Wheezing is a high-pitched whistling sound made while breathing. It's often associated with difficulty breathing. Wheezing may occur during breathing out (expiration) or breathing in (inspiration).
Inflammation and narrowing of the airway in any location, from your throat out into your lungs, can result in wheezing.
The most common causes of recurrent wheezing are asthma and chronic obstructive pulmonary disease (COPD), which both cause narrowing and spasms (bronchospasms) in the small airways of your lungs.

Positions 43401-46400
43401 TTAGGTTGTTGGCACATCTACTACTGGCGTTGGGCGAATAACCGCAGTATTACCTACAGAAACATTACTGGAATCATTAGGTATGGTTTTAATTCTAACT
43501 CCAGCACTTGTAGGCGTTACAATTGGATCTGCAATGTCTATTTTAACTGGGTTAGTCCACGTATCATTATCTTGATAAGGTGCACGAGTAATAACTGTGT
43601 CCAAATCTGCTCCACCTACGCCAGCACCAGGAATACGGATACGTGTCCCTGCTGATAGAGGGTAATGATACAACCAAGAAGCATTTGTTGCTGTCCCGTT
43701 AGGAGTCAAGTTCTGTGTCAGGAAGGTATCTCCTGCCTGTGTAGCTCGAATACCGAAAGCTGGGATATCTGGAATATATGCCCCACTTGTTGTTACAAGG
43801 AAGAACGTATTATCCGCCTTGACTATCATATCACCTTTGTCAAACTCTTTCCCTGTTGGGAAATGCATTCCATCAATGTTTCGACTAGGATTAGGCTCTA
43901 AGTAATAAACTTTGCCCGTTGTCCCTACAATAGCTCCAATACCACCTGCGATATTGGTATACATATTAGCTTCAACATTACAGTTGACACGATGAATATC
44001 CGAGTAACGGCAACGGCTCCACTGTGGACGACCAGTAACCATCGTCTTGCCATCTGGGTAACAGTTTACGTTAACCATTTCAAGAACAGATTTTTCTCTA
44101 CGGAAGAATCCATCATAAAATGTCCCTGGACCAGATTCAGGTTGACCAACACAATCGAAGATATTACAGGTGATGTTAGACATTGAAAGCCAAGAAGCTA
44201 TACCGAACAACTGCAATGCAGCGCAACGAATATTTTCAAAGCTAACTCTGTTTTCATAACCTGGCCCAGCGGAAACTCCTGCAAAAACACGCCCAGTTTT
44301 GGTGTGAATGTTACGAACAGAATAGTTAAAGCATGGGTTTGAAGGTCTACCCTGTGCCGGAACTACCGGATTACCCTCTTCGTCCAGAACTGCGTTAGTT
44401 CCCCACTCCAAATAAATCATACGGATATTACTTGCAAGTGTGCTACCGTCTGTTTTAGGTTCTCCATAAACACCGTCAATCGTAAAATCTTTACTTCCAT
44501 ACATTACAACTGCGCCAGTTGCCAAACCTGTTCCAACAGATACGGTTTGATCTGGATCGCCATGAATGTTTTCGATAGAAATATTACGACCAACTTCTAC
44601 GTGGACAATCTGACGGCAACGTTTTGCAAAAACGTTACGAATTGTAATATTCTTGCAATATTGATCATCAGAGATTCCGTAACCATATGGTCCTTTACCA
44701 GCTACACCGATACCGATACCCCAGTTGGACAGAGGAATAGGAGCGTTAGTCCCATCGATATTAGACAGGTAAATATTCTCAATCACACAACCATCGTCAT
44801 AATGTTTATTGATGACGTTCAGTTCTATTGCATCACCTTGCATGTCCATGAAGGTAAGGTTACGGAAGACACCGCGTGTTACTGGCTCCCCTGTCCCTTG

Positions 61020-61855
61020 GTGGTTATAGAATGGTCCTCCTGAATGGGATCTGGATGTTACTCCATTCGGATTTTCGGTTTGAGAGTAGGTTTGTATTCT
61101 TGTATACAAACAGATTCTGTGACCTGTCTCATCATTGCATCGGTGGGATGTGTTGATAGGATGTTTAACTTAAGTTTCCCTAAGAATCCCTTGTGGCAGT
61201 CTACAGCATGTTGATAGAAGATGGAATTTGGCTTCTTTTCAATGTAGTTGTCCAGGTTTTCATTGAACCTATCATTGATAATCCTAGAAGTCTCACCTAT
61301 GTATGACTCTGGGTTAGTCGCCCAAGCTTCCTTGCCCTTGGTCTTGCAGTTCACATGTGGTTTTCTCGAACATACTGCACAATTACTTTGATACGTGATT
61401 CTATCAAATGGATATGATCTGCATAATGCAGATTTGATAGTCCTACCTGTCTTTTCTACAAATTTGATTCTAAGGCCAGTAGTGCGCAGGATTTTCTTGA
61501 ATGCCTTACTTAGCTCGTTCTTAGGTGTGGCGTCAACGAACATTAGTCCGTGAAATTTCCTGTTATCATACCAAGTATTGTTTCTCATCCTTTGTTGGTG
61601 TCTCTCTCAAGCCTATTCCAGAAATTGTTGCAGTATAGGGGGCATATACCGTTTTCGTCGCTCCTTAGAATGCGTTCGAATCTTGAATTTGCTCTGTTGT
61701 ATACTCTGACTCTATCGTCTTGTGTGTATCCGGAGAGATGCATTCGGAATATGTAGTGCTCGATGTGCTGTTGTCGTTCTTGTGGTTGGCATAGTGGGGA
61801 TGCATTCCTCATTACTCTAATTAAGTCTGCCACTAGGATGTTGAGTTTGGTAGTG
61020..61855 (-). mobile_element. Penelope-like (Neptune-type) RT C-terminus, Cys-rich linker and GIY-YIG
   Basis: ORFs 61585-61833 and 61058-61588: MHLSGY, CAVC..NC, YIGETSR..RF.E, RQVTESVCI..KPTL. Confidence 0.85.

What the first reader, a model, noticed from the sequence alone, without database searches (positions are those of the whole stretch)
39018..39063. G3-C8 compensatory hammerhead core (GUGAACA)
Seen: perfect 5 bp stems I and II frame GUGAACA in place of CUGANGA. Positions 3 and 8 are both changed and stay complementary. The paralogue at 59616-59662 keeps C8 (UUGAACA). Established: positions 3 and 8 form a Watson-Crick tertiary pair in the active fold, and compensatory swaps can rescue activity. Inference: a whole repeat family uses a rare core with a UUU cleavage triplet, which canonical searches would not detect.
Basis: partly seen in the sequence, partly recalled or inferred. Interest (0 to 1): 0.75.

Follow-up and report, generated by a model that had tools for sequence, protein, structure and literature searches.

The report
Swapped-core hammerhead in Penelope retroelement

However, any inflammation in your throat or larger airways can cause wheezing. Common causes include infection, an allergic reaction or a physical obstruction, such as a tumor or a foreign object that's been inhaled.
All of the following conditions can lead to wheezing:
Mild wheezing that occurs along with symptoms of a cold or upper respiratory infection (URI), does not always need treatment.
See a doctor if you develop wheezing that is unexplained, keeps coming back (recurrent), or is accompanied by any of the following signs and symptoms:
Seek emergency care if wheezing:
In some cases, wheezing can be relieved by certain medications or use of an inhaler. In others, you might need emergency treatment.
To ease mild wheezing related to a cold or URI, try these tips: